Steve Reich may not have the immediate name recognition of other minimalist composers like John Cage or Philip Glass, but after a few minutes of listening to his music, you might be surprised at how much of it sounds familiar.
Spoken-word samples? Reich was one of the first musicians to use them -- Rolling Stone once called him the "father of sampling." Listen to EDM? Some scholars have suggested its repetitive nature has origins in minimalism, which Reich developed in the early sixties. And if you play music yourself, you’ve probably experimented with some form of phasing, another Reich invention -- the act of two musicians (or tracks) who start playing at the same tempo, with one veering incrementally off-tempo before aligning once again.
In October, Reich turns 80. His life's adventures include attending Mills College for graduate school, becoming involved with the experimental San Francisco Tape Music Center, and pioneering minimalism with friend and colleague Terry Riley. This weekend, the San Francisco Symphony celebrates the milestone with a program of Reich’s work, featuring performances by the Kronos Quartet, Eighth Blackbird and Reich himself. In his honor, we’ve collected six popular songs bearing his influence -- you might not know Reich’s name, but you’ve definitely heard his impact.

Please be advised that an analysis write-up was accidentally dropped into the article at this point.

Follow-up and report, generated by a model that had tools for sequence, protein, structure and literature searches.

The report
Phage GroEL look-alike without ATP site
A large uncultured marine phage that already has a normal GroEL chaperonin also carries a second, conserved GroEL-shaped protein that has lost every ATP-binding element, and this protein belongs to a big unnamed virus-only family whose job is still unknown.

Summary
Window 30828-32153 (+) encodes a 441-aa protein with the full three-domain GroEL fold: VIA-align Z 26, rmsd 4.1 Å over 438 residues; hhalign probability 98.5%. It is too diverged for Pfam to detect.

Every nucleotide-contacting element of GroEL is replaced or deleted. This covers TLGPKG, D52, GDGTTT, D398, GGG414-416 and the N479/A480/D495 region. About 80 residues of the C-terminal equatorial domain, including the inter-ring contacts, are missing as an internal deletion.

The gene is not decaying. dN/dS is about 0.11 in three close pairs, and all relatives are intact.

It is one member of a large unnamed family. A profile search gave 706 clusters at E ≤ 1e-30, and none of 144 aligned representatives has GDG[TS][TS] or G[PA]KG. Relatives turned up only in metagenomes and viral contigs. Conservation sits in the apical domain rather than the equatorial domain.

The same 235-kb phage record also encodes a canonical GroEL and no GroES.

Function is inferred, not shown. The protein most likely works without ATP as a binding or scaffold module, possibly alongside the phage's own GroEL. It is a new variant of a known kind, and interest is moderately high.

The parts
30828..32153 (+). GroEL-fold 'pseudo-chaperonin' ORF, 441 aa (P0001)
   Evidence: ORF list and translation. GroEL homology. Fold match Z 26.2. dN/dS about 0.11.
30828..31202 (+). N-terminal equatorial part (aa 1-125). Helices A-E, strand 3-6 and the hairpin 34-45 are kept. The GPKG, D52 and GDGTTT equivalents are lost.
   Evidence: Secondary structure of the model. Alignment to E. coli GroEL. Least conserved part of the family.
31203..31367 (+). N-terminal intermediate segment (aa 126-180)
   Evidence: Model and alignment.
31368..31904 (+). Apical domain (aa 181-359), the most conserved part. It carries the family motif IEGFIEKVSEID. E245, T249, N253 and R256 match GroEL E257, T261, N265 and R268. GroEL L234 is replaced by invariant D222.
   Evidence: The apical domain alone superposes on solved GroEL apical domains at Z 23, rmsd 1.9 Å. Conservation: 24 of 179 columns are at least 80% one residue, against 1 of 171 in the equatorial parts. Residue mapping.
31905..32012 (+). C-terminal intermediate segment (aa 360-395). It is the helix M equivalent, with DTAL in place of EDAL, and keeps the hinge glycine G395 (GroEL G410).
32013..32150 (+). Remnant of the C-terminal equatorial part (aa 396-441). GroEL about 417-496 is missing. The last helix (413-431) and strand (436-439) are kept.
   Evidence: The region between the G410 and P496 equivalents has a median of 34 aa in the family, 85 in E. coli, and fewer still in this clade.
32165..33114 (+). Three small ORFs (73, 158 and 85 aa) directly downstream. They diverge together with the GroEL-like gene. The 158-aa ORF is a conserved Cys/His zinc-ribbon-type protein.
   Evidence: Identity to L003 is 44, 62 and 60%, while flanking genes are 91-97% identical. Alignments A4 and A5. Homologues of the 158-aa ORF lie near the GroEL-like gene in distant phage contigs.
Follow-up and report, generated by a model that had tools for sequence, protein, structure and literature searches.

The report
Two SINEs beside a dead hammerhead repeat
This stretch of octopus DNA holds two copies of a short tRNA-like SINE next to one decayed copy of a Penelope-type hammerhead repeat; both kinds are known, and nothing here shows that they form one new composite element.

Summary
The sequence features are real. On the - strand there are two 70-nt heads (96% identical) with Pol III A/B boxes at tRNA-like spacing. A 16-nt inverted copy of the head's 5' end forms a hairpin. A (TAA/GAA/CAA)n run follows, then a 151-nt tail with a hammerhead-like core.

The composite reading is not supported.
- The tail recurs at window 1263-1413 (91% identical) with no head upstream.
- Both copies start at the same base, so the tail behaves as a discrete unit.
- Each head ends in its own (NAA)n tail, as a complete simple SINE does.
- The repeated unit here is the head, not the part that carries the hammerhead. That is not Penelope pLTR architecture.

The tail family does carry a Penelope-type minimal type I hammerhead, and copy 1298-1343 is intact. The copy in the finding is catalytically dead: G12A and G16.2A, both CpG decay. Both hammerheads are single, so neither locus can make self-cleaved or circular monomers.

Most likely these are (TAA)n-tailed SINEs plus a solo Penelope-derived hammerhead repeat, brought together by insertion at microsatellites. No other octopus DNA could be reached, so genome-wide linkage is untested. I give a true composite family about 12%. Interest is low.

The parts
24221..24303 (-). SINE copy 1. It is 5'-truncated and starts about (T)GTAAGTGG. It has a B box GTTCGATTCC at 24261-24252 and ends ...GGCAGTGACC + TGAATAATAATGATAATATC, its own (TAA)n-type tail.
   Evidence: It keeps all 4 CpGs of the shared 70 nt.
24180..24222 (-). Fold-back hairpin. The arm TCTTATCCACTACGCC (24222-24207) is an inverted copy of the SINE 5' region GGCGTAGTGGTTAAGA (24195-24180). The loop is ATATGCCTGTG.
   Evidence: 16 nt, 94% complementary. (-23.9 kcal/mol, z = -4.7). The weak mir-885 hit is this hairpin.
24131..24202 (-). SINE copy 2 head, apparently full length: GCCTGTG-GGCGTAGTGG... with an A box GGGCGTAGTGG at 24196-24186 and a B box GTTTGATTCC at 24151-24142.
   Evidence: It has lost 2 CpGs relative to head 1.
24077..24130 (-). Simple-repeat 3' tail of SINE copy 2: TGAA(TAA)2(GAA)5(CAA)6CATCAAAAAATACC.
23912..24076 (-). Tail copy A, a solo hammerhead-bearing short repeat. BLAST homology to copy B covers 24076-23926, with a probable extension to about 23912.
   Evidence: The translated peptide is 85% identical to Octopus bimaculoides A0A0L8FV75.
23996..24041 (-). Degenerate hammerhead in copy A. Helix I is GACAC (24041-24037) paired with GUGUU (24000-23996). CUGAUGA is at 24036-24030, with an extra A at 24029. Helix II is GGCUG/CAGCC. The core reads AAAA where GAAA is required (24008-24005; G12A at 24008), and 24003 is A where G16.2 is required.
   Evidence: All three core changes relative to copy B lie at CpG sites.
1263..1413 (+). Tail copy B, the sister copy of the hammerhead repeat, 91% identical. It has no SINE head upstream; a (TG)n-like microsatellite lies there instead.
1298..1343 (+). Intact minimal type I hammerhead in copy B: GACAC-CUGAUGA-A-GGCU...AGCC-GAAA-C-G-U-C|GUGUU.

1. Sufjan Stevens
In 2007, Sufjan Stevens was asked to name his top five albums at a literary event. He only named one: Music For 18 Musicians. Reich's most famous piece, Music for 18 Musicians is centered around a repeating progression of 11 chords -- there’s a short piece of music corresponding to each chord, with each segment eventually folding seamlessly back into the piece’s rhythmic backbone, a series of pulses anchoring the piece. Reich's influence is apparent on several of Stevens’ songs, but it’s especially obvious on the last track of the 2005 album Illinois. "Out of Egypt, into the Great Laugh of Mankind, and I Shake the Dirt from My Sandals as I Run" is a an instrumental straight out of the Reich playbook, built around shimmery pulses and forgoing Stevens’ typical overstuffed songs for a minimal, cyclical approach.